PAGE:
State leaders, not only foreign ministers, should meet to discuss the future of a melting Arctic when Finland takes over the Chairmanship of Arctic Council in 2017.
“Finland is actively considering further steps to strengthen the Council, with a view to our approaching Chairmanship in 2017. These include our proposal of organising a Summit between Arctic Council leaders, as well as our initiative to move the Council towards becoming a treaty-based organization,” said Jyrki Katainen when he talked to leading Arctic stakeholders at Tuesday’s conference “In the Spirit of the Rovaniemi Process.”
Rovaniemi in northern Finland was the location of the first talks in 1989 on protecting the fragile Arctic environment. The Rovaniemi process triggered what in 1996 became the Arctic Council, consisting of eight Arctic nations. Over the years, many more countries have joined in as observers, latest at the Council’s Kiruna meeting in May with six new nations, including Asian powers like China, Singapore, India, South Korea and Japan.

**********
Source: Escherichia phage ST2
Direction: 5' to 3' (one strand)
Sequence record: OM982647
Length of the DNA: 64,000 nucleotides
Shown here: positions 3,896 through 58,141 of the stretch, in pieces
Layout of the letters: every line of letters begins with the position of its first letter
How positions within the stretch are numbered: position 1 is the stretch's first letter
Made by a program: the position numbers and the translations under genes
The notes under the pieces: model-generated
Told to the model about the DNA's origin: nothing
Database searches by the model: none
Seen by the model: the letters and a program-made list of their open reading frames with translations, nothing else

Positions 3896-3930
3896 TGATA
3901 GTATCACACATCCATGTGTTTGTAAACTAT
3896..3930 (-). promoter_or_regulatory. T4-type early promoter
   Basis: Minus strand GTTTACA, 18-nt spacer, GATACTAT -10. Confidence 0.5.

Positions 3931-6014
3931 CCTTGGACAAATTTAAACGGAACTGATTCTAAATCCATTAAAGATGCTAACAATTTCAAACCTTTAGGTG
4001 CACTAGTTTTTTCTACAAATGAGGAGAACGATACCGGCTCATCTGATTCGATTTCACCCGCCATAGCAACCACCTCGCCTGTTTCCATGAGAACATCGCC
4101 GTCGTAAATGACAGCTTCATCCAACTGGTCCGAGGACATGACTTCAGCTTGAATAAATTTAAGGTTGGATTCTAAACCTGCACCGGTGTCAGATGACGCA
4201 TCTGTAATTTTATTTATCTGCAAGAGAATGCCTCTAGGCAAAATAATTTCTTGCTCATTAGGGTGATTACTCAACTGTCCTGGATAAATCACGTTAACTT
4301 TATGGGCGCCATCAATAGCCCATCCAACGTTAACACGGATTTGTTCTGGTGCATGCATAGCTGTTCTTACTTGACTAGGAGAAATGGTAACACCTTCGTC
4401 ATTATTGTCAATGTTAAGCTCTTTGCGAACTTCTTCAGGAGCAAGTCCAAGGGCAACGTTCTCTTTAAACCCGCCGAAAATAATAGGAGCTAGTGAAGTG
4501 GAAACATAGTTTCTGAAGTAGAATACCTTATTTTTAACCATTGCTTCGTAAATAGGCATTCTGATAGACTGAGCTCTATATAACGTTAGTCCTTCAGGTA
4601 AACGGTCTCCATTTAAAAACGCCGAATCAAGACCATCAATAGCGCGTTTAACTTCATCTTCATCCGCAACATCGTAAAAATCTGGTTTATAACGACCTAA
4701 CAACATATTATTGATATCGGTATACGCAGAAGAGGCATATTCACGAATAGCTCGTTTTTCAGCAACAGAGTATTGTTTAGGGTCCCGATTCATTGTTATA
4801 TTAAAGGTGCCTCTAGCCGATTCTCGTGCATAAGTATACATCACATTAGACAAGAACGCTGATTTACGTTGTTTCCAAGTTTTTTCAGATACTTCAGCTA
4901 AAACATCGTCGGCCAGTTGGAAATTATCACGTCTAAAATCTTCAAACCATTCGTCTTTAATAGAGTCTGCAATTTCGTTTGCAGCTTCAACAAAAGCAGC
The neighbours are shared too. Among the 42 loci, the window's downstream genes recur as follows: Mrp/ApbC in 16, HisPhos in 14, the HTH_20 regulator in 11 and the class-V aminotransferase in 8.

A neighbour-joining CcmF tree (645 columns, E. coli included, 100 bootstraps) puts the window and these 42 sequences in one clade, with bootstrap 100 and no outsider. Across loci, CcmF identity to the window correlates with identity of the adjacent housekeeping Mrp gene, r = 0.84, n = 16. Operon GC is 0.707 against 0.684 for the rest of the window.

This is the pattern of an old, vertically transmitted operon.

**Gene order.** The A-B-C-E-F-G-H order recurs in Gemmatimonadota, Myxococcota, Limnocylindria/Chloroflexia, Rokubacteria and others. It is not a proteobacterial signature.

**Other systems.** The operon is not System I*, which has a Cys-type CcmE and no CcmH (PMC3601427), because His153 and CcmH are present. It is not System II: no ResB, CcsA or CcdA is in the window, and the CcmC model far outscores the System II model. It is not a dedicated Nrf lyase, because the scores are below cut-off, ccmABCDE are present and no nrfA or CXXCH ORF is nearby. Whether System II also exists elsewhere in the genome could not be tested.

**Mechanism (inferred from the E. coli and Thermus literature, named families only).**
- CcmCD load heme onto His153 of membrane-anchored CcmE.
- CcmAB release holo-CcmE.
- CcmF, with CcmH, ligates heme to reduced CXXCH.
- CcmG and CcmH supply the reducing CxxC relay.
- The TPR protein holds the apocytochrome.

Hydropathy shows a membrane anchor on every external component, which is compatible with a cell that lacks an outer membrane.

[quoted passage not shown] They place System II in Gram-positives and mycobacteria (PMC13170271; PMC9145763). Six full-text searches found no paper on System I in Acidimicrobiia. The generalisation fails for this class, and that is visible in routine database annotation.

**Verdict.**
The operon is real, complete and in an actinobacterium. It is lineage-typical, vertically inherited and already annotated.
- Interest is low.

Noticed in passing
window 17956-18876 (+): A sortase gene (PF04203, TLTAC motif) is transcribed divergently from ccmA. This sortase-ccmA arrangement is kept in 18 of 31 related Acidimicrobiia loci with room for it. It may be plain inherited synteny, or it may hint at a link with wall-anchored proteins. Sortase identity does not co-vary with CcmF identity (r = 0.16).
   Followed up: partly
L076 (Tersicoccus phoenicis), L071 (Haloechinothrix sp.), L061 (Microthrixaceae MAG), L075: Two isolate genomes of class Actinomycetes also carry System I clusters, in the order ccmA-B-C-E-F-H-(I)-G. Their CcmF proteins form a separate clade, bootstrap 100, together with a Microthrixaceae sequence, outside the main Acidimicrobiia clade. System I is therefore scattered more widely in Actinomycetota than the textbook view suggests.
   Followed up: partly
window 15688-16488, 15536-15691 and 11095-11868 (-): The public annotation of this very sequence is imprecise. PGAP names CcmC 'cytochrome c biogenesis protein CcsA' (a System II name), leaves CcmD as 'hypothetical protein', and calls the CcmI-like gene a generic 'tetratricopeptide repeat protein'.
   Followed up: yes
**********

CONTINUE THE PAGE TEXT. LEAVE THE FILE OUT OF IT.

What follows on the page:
Changing climate opens the Arctic to increasing economic and political competition.
An Arctic Summit in Lapland could become one of the top global state leaders meeting in 2017 or 2018. Presidents and Prime Ministers will be invited from the Council’s permanent members like Canada, Denmark, Finland, Iceland, Norway, Russia, Sweden and USA, as well as from observer states in Asia and Europe.
Finland’s Prime Minister did not elaborated on where the Arctic Summit could be arranged. Rovaniemi is considered to be Finland’s Arctic capital, while Oulu is the largest city in northern Finland. Over the last few years, Finland has arranged for European Foreign Ministers to meet for unofficial talks at the ski-resortSaariselkä not far from Finland’s northern border to Russia’s Kola Peninsula.
Katainen believes the Arctic Council will get a more global role in the years to come.
“Finland strongly supports the Council by recognizing its global role and supporting efforts to engage Arctic stakeholders outside the region in the work of the Council,” said Prime Minister Katainen.
Finland’s proposal to arrange an Arctic Summit is a clear sign that the Council has matured from a largely symbolic organization to one of global importance. That happens in a time when climate changes make seriously geopolitical and economic impacts on the top of the world.